The Politics of Gothic Historiography, 1660–1800

Authored by: Sean Silver

The Gothic World

Print publication date:  October  2013
Online publication date:  October  2013

Print ISBN: 9780415637442
eBook ISBN: 9780203490013
Adobe ISBN: 9781135053062

10.4324/9780203490013.ch1

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Abstract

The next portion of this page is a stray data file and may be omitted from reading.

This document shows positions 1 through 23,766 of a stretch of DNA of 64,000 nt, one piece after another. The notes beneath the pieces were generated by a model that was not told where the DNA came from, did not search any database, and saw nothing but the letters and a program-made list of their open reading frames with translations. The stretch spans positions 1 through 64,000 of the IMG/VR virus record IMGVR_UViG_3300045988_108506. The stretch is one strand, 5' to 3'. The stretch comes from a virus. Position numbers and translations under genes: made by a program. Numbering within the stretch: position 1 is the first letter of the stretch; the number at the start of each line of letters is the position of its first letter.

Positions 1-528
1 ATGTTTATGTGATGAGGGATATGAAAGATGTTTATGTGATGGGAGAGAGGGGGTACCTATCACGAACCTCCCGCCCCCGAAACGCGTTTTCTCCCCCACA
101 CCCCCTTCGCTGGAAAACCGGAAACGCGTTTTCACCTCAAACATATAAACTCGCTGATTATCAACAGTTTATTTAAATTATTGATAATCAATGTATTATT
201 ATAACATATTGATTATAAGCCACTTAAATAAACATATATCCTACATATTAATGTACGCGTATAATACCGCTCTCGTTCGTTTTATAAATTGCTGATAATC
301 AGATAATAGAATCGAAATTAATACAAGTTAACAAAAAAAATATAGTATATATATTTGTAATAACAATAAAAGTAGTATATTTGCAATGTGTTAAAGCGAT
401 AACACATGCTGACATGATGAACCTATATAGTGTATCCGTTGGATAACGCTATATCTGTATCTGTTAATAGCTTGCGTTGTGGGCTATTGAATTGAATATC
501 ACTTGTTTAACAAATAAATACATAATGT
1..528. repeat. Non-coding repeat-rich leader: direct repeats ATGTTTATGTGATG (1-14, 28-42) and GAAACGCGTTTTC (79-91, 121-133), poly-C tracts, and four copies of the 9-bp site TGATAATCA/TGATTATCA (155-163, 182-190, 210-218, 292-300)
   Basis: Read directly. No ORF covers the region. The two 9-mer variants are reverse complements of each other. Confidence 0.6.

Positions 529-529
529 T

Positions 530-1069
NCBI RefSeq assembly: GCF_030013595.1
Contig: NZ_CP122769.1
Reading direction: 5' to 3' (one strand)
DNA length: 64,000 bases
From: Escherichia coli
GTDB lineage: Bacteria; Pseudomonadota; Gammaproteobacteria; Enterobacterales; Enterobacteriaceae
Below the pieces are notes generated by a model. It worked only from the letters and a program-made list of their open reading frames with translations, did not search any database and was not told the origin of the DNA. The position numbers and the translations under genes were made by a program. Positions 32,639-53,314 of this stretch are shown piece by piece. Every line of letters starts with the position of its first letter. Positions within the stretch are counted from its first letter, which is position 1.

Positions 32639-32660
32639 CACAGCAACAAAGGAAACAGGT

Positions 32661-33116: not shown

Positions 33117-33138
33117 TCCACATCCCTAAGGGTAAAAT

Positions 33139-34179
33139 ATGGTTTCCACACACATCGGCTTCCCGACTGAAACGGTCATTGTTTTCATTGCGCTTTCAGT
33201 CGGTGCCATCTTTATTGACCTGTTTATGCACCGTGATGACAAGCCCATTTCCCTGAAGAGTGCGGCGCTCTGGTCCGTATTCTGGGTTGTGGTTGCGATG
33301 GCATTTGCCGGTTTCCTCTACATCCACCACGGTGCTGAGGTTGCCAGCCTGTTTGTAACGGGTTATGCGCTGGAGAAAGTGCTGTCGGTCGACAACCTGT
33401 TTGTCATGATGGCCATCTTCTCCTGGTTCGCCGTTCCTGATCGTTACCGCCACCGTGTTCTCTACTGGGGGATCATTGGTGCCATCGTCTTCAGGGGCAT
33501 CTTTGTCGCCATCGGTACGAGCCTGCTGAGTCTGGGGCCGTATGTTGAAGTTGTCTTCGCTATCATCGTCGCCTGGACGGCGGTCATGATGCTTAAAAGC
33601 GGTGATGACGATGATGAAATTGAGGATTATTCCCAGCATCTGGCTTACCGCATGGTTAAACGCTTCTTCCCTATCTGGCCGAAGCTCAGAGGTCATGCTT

The Gothic did not begin as the kaleidoscopic category that it has become. It did not refer to the occult, the macabre, or the supernatural; it was not a genre of horror-driven art, a subgenre of rock music, a style of soaring architecture, or a postpunk subculture with its own recognizable fashion. Nor did it mean, simply, “of or pertaining to the Goths” — the fourth-century civilization in upper Germania — or even, more loosely, “medieval,” “antique,” or “barbaric.” In its original acceptation, the Gothic referred to a partly misremembered, partly manufactured, yet still historically potent myth of origins for the balanced model of English politics. During the century following the 1660 Restoration of the Stuart dynasty to the English throne, the Gothic, in its most important English language usage, emerged as the word that summarized a particular form of constitutional politics. It referred to a way of conceptualizing the present as the legacy of a mythologized past, a way, that is, of imagining history. We might say, then, that the Gothic did not begin as anything at all, for its ultimate origins are lost in a loose mix of myth and mystified national causes.

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